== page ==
Visibility and invisibility in the aged care sector- Visual representation in Australian news from 2018–2021.pdf (4.18 MB)
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Visibility and invisibility in the aged care sector: Visual representation in Australian news from 2018-2021

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journal contribution
posted on 14.05.2022, 02:00 authored by T.J. ThomsonT.J. Thomson, Evonne Miller, Sarah Holland-Batt, Jennifer SeevinckJennifer Seevinck, Sam Regi

  

The skyrocketing number and severity of issues in Australian aged care led to the establishment of the Royal Commission into Aged Care Quality and Safety in 2018. Yet, compared to other Royal Commissions, media coverage has been relatively muted, and public awareness and engagement with aged care issues has been uneven. Journalists bear a significant responsibility for shaping the national conversation about aged care, and ensuring this demographic is reflected in the news Australians consume. Due to their unique properties, images are especially important in giving visibility to this historically marginalised topic, and to emotionally engaging an often apathetic public. As such, this study focuses on the aged care visuals accompanying Australian news coverage during the period of the Royal Commission’s announcement through to four weeks after the government’s response. Drawing on the lens of symbolic annihilation, it does this through a visual analysis that examines who or what is represented and the role of news values in shaping the selection of images included with news reports over this period.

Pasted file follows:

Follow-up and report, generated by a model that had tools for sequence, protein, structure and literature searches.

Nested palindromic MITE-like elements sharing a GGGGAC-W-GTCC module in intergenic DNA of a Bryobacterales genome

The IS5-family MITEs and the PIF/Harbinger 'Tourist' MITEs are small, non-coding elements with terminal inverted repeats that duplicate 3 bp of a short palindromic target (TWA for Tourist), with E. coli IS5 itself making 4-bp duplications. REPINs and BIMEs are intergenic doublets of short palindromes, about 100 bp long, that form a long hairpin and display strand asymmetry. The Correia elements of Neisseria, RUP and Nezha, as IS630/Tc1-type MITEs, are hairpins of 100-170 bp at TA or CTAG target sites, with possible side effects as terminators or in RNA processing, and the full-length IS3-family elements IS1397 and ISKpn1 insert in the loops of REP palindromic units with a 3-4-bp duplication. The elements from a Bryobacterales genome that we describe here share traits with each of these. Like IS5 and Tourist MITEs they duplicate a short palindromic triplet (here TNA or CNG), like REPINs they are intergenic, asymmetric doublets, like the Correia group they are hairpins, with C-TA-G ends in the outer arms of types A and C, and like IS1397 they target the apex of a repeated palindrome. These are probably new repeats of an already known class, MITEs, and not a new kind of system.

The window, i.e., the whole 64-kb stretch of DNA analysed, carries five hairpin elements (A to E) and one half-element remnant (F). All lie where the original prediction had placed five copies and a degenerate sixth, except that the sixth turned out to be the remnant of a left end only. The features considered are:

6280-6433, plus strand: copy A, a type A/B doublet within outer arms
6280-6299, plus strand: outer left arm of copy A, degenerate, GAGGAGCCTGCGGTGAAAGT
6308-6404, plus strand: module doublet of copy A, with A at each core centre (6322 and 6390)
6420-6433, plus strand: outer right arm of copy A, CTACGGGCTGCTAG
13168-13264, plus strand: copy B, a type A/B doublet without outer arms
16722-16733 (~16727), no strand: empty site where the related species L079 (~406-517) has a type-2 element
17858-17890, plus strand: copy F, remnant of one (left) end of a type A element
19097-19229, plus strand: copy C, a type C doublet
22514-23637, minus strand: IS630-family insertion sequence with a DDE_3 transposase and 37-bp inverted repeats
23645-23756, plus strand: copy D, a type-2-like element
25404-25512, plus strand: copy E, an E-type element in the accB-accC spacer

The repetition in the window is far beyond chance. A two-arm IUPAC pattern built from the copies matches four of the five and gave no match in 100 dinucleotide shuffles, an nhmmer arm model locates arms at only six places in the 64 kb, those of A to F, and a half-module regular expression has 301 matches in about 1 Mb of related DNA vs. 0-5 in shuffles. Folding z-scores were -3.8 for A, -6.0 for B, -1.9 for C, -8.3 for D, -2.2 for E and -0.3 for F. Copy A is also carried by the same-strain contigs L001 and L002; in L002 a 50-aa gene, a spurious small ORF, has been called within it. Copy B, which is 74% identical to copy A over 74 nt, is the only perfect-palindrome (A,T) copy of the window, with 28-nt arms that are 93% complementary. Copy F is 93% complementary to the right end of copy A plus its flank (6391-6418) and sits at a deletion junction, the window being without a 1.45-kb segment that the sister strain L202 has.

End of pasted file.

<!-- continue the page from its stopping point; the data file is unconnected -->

Funding

DP210100859

History